Pandemonium

A square painting featuring orange, white and black accents

Most things we experience are either still, moving or in a state somewhere between.
I love the idea of taking something random, creating order from it then making it appear chaotic again.

GUARANTEED

One-off original painting
No prints or reproductions
Includes a Certificate of Authenticity & Valuation Certificate
Heat, UV and fade resistant

£SOLD

SIZE

120cm x 130cm (47″ x 51″)
Can be hung on any substrate or surface (except glass) and in any orientation
Stands out 46mm from the wall

I get a real sense of satisfaction from order. I believe it helps us organize our minds properly, focus on things correctly and allow us to understand how to place things. I guess you can apply this to a great many principles but for me the most important sense of order is that of shape.

It’s a cornerstone of my entire catalogue of work and probably always will be. I like the way an individual shape defines its own behaviour, conveys a message to our brain and suggests its own place in existence. Often it is how shapes relate to each other that intensifies the need to add or remove order from a composition. The more random it appears the more order that is required. I could probably plot it on a graph if I could be arsed.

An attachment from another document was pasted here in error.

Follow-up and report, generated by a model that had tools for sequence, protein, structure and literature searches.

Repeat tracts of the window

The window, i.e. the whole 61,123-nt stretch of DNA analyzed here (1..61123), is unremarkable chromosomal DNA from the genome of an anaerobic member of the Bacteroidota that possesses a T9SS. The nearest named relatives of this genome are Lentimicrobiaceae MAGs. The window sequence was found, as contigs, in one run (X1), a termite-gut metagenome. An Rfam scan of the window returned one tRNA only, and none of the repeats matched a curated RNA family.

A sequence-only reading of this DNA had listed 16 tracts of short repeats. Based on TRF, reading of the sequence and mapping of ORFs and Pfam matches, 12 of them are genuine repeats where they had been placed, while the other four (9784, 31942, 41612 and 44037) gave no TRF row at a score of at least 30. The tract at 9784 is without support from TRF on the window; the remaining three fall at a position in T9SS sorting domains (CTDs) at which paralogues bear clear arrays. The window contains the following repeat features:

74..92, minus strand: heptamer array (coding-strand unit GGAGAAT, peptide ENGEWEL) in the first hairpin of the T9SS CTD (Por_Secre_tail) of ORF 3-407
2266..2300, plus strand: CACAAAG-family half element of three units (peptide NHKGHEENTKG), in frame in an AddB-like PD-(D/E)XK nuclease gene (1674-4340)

What I’m trying to do is create randomness but under the proviso of a set of rules. What I do is think of a series of random shapes I can apply, then create a set of rules for them to adhere to. I then place them randomly but still according to the rules. So each flick or dab has a specific relationship that directly affects the other shapes in the surrounding area. Each collective of shapes may then yet form another larger mass that should be bound by the same rules again. This is how many of my larger complex paintings evolve.

Easy principle; difficult to execute. So for example I may say that any black and white spiral cannot have a circle next to it or that an orange twist may not be larger than 5cm unless it’s next to a white one and so on and so forth. Sounds a bit crazy but the result is striking.

So for Pandemonium there were around twenty rules in place. From quantity of paint to where it goes, the diagonal loop sequence, what paints were allowed together and the ones that weren’t… it’s a great example of making something look as if it has no structure or order. Well now you know that there’s more to this kind of painting than you may have first thought.

Unless, of course, you just see a giant firecracker exploding – in which case, who cares!

I VISIT YOU IN YOUR OWN HOME FOR FREE

It doesn’t cost ANY extra and there’s no obligation
See as many as you want
Only pay if you want to keep one